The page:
When a dispute arises between an insurer and their insured over a commercial property damage claim, an already stressful situation can quickly become contentious. In these instances, arbitration is often the favored process by insurance companies to resolve the issue. While this method of alternative dispute resolution can prove beneficial in certain situations, the negative effects of arbitration for commercial policyholders can greatly outweigh the positives.
Negative Impacts of Arbitration For Commercial Policyholders
In the insurance industry, arbitration is used to resolve claims disputes with policyholders in lieu of litigation due to the length of time and costliness of taking a dispute to trial. With arbitration, unless the insurance policy requires a different procedure, both the insurance company and the insured select an independent individual called an arbitrator to resolve the matter based on the facts of the claim as presented by both sides. Once the arbitrator comes to a decision, an arbitration award can then be issued. This award may result in a legally binding decision on not only the number of covered losses, but also fees, further damages, and potential disciplinary actions required to resolve the dispute.
In many cases, arbitration is a voluntary process purported to be more cost-effective and less time-consuming than taking an insurance dispute to court. Despite this, arbitration can put commercial policyholders at a major disadvantage. Some of the most common ways arbitration can negatively affect a commercial policyholder include:
The Arbitration Award May Be Binding:
In voluntary or non-binding arbitration, both the insurer and the policyholder agree to meet with an arbitrator to review the claim. Once the arbitrator makes their decision on the claim, both parties then have the option to accept or reject it. If the decision is ultimately rejected, the case can then be appealed. However, binding arbitration is much more restrictive. In binding arbitration, both parties agree to accept the findings of the arbitrator no matter the outcome. This decision is final and no party can appeal it.
Arbitration Can Be Uneconomical For The Policyholder:
While under certain circumstances arbitration can indeed be a much cheaper alternative to litigation, it is not a free process and arbitrators must be paid for their work. This can become problematic if the amount of the disputed claim is modest. In these situations, it may not be worth the money to pursue arbitration as the cost would greatly outweigh the disputed claim amount. Payment responsibilities for arbitration are outlined in most commercial policies and should be reviewed thoroughly before pursuing it.
Arbitrator Standards May Be Dissatisfactory:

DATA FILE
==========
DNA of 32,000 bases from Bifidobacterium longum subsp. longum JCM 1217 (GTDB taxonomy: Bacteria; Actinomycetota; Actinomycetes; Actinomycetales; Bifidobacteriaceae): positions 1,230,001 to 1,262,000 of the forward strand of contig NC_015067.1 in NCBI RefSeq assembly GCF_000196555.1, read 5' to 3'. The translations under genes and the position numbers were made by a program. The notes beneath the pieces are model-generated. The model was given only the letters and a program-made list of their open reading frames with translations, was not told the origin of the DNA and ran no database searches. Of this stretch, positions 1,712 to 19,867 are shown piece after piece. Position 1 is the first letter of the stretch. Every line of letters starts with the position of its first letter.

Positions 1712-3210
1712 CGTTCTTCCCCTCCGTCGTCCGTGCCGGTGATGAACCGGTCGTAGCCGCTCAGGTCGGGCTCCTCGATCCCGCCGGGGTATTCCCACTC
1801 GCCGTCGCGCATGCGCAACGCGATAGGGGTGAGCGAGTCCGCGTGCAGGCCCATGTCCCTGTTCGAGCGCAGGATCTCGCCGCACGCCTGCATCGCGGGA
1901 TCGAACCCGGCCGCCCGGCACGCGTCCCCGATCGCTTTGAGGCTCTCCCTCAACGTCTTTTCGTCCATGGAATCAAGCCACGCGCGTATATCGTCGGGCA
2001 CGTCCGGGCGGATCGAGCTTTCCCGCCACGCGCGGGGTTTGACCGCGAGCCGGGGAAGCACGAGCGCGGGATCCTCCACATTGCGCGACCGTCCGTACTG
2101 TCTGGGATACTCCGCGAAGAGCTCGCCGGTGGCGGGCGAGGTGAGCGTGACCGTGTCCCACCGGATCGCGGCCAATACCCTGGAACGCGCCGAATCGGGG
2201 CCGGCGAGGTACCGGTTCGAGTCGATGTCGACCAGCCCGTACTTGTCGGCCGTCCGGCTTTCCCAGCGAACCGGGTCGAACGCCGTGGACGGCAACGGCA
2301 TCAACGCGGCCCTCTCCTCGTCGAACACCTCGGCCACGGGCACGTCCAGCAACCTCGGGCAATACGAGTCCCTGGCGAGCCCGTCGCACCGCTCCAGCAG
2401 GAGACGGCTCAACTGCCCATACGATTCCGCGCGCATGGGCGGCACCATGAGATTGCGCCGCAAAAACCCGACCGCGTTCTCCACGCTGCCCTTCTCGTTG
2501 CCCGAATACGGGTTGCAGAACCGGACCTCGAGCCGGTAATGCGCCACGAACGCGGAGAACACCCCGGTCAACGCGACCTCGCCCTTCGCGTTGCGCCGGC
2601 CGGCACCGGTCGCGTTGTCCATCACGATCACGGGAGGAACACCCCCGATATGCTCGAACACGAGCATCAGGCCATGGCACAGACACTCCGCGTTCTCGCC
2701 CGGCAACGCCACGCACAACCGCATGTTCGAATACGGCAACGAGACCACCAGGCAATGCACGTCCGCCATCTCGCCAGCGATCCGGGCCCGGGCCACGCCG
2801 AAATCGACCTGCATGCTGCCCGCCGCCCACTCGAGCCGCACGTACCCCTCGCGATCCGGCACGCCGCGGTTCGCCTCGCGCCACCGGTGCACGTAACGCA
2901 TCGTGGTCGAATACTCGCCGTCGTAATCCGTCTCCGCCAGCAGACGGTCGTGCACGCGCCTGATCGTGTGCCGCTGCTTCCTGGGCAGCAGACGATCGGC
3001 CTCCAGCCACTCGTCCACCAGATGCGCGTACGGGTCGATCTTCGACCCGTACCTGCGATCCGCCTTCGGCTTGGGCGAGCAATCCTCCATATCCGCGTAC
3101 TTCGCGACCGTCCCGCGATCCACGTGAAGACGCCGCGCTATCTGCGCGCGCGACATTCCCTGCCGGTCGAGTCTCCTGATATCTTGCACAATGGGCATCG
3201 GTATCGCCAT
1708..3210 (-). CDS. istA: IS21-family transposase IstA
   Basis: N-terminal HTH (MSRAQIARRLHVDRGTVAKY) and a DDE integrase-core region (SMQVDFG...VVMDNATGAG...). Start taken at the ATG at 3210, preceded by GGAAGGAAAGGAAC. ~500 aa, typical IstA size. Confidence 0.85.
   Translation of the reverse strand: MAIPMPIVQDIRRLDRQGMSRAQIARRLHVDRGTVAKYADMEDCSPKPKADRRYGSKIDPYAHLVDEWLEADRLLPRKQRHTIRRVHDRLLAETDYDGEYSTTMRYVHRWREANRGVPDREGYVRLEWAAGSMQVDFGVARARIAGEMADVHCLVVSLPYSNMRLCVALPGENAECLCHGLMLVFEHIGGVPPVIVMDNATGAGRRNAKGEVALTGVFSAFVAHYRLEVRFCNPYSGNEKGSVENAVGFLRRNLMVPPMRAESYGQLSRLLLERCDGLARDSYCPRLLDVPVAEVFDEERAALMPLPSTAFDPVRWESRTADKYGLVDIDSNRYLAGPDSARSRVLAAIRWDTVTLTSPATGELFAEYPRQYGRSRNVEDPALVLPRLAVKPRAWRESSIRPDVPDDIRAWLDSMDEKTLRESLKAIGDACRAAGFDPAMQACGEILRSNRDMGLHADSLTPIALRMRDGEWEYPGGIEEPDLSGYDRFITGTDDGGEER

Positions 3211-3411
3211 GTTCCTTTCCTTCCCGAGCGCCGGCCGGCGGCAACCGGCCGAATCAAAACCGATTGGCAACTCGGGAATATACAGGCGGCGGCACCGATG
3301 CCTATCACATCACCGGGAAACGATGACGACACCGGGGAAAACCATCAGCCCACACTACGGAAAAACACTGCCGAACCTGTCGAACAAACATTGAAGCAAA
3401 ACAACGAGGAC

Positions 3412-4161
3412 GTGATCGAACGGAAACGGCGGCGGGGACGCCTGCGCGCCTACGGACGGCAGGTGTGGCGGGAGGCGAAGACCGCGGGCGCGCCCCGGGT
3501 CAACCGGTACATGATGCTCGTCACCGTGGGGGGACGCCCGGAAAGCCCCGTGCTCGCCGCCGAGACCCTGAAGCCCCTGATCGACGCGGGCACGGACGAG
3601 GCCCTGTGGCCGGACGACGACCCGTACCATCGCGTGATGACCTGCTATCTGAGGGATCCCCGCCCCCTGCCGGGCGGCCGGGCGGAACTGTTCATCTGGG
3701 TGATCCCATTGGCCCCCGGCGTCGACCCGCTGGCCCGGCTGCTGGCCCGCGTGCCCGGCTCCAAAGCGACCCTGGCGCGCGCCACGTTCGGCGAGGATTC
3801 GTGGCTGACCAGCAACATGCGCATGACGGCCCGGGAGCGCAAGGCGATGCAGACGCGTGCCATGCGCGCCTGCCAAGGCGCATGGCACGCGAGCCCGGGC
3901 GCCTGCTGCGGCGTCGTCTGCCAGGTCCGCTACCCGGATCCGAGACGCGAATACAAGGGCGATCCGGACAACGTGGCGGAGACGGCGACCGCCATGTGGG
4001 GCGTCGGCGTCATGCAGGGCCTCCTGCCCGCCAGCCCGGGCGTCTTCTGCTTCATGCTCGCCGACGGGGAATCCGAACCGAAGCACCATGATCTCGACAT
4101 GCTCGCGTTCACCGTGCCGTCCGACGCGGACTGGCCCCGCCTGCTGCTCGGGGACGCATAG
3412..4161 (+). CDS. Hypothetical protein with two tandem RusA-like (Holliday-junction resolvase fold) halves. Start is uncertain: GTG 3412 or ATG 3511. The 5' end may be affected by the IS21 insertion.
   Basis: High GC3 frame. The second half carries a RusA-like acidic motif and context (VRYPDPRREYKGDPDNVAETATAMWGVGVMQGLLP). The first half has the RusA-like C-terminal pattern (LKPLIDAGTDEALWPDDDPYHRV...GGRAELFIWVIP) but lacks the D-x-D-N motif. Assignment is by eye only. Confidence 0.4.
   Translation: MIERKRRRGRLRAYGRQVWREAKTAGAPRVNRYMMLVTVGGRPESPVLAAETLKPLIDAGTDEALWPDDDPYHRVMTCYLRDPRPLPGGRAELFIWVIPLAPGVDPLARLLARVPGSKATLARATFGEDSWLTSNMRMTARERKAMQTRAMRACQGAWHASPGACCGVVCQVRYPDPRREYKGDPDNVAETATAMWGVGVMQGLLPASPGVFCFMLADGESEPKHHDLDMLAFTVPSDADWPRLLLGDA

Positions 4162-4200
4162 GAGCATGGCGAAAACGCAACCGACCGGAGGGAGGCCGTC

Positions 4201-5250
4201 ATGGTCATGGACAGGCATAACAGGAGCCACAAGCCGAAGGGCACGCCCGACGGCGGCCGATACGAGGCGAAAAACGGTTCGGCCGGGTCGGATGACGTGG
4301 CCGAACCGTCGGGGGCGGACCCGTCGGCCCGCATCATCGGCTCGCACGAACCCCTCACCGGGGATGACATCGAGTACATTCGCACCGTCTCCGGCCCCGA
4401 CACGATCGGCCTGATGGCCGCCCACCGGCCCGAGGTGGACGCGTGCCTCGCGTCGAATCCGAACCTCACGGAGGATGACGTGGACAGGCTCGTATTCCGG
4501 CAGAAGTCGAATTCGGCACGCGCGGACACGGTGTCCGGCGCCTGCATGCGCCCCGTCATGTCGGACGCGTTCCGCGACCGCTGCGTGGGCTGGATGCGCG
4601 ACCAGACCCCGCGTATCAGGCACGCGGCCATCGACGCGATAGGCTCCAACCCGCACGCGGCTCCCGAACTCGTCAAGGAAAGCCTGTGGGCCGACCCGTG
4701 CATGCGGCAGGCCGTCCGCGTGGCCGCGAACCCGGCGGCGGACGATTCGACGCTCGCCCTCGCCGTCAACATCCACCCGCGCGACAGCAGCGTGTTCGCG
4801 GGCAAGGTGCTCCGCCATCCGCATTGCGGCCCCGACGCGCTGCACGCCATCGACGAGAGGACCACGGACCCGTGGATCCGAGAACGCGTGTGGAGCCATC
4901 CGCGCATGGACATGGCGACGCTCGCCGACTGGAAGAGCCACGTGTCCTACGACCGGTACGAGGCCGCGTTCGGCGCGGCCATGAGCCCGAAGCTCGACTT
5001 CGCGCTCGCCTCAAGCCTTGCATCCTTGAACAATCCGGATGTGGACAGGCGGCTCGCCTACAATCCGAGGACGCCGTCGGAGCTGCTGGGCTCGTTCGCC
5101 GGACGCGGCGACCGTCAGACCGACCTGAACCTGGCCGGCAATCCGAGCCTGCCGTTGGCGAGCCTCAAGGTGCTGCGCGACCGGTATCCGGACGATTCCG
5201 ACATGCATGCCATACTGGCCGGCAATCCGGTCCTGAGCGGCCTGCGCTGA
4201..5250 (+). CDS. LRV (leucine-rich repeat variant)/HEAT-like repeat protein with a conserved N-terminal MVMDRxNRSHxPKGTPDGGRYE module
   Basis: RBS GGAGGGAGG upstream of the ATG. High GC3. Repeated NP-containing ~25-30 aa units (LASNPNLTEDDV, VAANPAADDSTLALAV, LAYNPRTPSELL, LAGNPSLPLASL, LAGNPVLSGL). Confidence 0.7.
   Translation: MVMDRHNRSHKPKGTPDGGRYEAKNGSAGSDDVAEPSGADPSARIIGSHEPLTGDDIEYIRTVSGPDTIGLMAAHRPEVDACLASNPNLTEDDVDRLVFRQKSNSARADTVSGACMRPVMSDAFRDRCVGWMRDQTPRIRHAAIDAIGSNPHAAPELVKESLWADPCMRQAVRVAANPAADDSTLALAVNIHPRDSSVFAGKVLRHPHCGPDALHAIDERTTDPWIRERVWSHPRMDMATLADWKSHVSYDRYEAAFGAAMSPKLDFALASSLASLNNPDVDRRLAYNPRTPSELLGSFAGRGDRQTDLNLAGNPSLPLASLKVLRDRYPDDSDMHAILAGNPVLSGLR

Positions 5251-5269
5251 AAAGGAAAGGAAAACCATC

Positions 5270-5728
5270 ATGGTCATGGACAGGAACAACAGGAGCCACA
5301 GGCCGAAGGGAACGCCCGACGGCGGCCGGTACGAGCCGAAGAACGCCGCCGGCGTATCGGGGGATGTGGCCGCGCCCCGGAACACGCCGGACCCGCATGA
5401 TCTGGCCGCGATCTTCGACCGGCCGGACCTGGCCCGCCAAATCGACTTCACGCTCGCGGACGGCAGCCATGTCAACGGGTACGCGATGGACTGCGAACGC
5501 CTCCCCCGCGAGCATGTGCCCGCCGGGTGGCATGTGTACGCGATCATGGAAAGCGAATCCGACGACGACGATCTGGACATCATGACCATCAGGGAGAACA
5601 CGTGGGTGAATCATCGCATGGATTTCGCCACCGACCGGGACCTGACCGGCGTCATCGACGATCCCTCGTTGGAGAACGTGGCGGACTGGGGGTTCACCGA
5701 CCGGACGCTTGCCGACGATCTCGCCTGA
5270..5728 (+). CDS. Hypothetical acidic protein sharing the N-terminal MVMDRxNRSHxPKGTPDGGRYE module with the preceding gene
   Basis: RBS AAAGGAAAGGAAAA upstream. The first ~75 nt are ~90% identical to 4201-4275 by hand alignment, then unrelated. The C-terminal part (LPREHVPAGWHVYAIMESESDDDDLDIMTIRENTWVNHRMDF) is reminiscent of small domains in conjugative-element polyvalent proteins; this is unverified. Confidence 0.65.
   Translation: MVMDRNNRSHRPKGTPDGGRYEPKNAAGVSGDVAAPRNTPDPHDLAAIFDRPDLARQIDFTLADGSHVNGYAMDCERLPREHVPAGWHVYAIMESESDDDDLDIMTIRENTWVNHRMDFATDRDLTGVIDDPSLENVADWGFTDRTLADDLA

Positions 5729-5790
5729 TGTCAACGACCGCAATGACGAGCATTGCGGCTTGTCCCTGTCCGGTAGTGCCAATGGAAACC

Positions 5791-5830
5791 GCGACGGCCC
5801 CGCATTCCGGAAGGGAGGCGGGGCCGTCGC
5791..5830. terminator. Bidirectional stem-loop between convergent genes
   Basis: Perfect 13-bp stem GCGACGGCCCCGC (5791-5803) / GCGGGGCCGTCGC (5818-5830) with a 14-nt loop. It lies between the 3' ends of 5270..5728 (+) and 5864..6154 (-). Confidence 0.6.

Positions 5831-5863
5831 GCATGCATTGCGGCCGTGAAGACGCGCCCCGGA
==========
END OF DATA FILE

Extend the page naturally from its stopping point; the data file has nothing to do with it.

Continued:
While arbitrators are required to be unbiased and have no stake in the claim involved, arbitration – like running an insurance company – is a for-profit business model. More often than not, arbitrators have little to no incentive to side with policyholders, as they are unlikely to encounter them in the future as a source of revenue. Insurance companies, on the other hand, can offer repeat business opportunities to arbitrators, which can lead to bias in favor of the insurer.
Even if an arbitrator is truly neutral, most arbitration clauses do not require any level of reasoning to support an award or final decision. The determination is ultimately left up to the arbitrator’s discretion, and they can decide how to explain their decision. When an arbitration award is based solely on an arbitrator’s unexplained or vague reasoning, this can make it very difficult to impossible to appeal.
Mandatory Arbitration Clauses Can Include A Choice Of Forum:
If arbitration is mandated under a commercial insurance policy, choice of forum and a choice of law clauses may also apply. These clauses have the potential to force policyholders to travel to and apply the laws of a state where they do not reside and where the property in question is not located. This can effectively eliminate certain recoverable damages which would be available in a policyholder’s home state, but are not available in the state where the arbitration is required to take place under the policy terms.
Insurance Arbitration Attorneys
Arbitration can put policyholders at a major disadvantage with their insurers in a claim dispute. At Raizner Slania, we understand the unfounded stress this can cause commercial property owners who only want to return their operations to normal after a disaster event damages their property. Our insurance arbitration attorneys are extremely experienced in successfully resolving insurance claims in arbitration proceedings, having worked with hundreds of commercial policyholders who have been taken advantage of by their insurers. If you need assistance with a commercial property claim that must be arbitrated, contact us today, and we can help protect your interests.